12-minute video tour of the disaster site will be shown. The Historical Society will be hosting “Scratching the Surface,” a discussion of audienceselected topics about the past 300 years of life in the Wyoming Valley, by local historian and educator Clark Switzer. Also at the Cabana the society will discuss “Lackawanna River



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Clark Switzer of the Greater Pittston Historical Society, left, explains the Knox Mine Disaster of January 22, 1959, during a tour of the site as part of the Pittston Riverfest held in 2010.

Continued from Page 6

Happenings,” a discussion of the status and importance of current efforts at remediating the polluted state of the Lackawanna River near its confluence with the Susquehanna. The other will be “A Talk with Miners,” in which retired miners describe what it was like in the times when the Wyoming Valley provided a large part of the nation’s anthracite coal production. Other displays will include artifacts and relics from the local excavation site in Coxton. One piece dates back to 8025 B.C., said Pesotine. We’ll look at what lifestyles were like going back hundreds of years,” Pesotine said. “We’ll see how artifacts relate to culture.” While the Wyoming Valley Riverfest in Wilkes-Barre is more activity based, the Pittston Riverfest is more history based. The fest also will feature Indian dancing, drums, storytelling, facepainting and Native American food. Additional food, such as hot dogs, wimpies and haluski, will be available.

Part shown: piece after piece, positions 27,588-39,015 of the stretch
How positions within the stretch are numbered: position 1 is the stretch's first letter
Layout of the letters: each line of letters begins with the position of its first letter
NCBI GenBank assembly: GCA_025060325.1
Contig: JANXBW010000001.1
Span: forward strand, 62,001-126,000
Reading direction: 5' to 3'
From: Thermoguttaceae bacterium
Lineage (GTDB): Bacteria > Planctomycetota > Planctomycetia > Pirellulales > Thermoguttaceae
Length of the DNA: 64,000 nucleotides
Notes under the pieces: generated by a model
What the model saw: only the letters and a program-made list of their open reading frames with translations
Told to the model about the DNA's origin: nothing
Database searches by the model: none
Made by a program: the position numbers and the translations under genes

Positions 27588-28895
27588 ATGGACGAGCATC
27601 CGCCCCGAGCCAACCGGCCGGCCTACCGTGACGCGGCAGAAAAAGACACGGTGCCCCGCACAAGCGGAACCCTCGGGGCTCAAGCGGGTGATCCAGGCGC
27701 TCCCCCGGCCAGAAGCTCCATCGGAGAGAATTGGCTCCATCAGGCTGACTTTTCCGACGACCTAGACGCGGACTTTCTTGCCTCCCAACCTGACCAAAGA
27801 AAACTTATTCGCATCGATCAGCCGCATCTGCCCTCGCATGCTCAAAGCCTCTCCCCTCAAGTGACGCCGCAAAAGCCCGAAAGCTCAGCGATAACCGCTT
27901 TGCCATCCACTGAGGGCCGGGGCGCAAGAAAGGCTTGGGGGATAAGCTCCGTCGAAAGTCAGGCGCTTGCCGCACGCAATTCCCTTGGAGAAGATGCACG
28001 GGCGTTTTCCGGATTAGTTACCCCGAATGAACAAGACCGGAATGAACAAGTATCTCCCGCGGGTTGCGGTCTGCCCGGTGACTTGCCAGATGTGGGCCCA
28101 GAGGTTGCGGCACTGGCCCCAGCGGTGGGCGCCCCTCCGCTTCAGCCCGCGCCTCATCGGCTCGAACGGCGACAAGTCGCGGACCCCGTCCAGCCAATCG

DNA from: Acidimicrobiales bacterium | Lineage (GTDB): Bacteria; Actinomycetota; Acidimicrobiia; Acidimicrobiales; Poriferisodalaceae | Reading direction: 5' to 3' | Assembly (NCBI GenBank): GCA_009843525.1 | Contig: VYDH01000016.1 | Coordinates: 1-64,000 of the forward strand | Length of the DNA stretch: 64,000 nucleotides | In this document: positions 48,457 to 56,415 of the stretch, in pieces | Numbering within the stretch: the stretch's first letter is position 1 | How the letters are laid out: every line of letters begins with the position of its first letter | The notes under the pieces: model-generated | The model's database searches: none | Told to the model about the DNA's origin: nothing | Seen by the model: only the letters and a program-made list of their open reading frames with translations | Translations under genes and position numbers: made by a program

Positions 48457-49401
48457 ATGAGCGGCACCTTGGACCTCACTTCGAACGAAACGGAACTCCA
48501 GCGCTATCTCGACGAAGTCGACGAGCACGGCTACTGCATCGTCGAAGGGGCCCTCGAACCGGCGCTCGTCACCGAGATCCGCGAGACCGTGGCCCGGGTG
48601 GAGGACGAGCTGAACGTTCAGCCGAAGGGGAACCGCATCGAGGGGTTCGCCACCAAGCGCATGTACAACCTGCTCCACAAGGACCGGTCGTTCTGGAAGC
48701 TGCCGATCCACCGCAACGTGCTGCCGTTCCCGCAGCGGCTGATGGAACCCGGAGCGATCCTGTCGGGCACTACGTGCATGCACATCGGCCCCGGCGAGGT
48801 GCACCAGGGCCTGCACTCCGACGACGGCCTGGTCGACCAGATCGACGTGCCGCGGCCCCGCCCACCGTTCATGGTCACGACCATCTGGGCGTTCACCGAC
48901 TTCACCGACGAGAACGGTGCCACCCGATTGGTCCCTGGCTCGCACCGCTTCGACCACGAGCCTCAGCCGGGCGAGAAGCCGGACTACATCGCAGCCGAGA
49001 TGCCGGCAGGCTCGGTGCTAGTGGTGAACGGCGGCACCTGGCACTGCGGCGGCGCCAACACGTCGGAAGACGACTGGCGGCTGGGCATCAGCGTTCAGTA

Pastor Washington said members of his congregation will bring non-denominational song and worship. Washington said virtually all religions use water as a symbol of cleansing and washing. “The river is a place where something pure began,” Washington said. “That’s the idea of Riverfest. Regardless of your cultural background, you can come down to the river and find peace, whatever you perceive that to be.” A founding member of the GPCC, John Orlandini, recently passed away and Washington will preside over a short memorial service in Orlandini’s honor. Pittston Riverfest is free and open to the public.